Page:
The link might provide more clarity than I.
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    • Alison Moore Smith April 21, 2013, 8:06 am

      I dont’ think there is such a thing as “pride in a person” by definition. Honestly, I’ve never, ever heard a parent, for example, of a newborn exclaim, “I’m so proud of my 2 hour old baby!” with the singular exception of a child born with severe disabilities who was fighting for life — and it was the ACT of fighting in adversity that was the cause of the pride.

      If I had a child with pulmonary fibrosis, I might be proud of his/her breathing — because it is as ACT so difficult. If I had a clinically depressed child, I might be proud of his/her choosing to remain alive and deal with life — because it is an incredible ACHIEVEMENT under the circumstances. But for a healthy child, breathing an existing would offer no source of “pride” or, be definition, “a feeling or deep pleasure or satisfaction derived from the achievements…” of my kids, since breathing and existing are reflexive and not about choice or achievement at all.

      So, yes, of course extreme examples have variables, but they still have common elements. Like that fact that only someone who values murder would be proud of murder. Even with the variation.

      I’m also not proud that I have skin or blood. Or that I can turn on the shower. Or that I know how to use words.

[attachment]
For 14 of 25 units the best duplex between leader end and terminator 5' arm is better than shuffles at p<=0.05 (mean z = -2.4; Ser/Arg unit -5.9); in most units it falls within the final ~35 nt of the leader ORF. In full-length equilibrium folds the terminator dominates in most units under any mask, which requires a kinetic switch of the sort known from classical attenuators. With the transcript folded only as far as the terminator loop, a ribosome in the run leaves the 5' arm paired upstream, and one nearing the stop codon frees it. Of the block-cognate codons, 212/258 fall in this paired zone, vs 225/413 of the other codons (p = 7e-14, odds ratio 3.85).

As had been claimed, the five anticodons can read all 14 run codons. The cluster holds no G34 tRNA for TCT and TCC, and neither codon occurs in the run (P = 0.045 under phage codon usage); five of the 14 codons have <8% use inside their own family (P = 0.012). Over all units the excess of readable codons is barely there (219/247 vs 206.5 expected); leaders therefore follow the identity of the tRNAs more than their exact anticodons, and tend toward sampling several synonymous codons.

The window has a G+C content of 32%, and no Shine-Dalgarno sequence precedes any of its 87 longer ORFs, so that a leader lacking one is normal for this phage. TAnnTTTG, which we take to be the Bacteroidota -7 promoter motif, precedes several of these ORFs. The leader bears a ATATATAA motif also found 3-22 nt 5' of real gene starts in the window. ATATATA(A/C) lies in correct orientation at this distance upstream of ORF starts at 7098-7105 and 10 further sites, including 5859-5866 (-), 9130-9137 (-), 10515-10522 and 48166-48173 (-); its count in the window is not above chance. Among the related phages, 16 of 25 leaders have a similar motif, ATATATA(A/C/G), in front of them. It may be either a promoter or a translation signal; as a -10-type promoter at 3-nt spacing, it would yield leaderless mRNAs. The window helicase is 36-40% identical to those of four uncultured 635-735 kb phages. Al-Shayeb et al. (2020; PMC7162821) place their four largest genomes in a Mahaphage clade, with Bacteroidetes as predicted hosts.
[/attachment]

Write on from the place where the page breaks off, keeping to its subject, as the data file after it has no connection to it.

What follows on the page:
I am not talking about being a proud person. I am talking about taking/showing pride in the character traits of my children, and doing it in an equal way so as to not favor one over another.

      I can’t think of any other way to define “a proud person” than “a person who exhibits or feel pride.” And, again by definition, unless your children actual ACHIEVE equally, I think the idea of equal pride is pretense.

      By achieve equally, I don’t mean by some worldly definition of how much money thy make or how famous they are. Because I do not VALUE salary and fame above other things, it’s imminently possible for me to be as proud of a child who makes nothing as one who makes millions. But there is still some criteria that provides actual pride — “a feeling or deep pleasure or satisfaction derived from the achievements of those with whom one is closely associated, or from qualities or possessions that are widely admired” — and the one can only truly be equally proud if the criteria is equally met.

      So to DECIDE that you’re going to be just as proud of one child as another — as a matter of principle and before any actual behavior exists — makes no sense to me.
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  • Amy Lockhart April 21, 2013, 9:59 am

    http://www.lds.org/general-conference/2011/04/what-manner-of-men-and-women-ought-ye-to-be?lang=eng

    The link resonates with me, especially the following excerpts, and I do find value in separating the act from the quality.

    *** “But it would be even wiser to focus our primary praise on their character and beliefs—who they are.” ***

    *** “When children receive a report card from school, we can praise them for their good grades, ***but it may be of greater lasting benefit to praise them for their diligence: “You turned in every assignment. You are one who knows how to tackle and finish difficult things. I am proud of you.” ” ***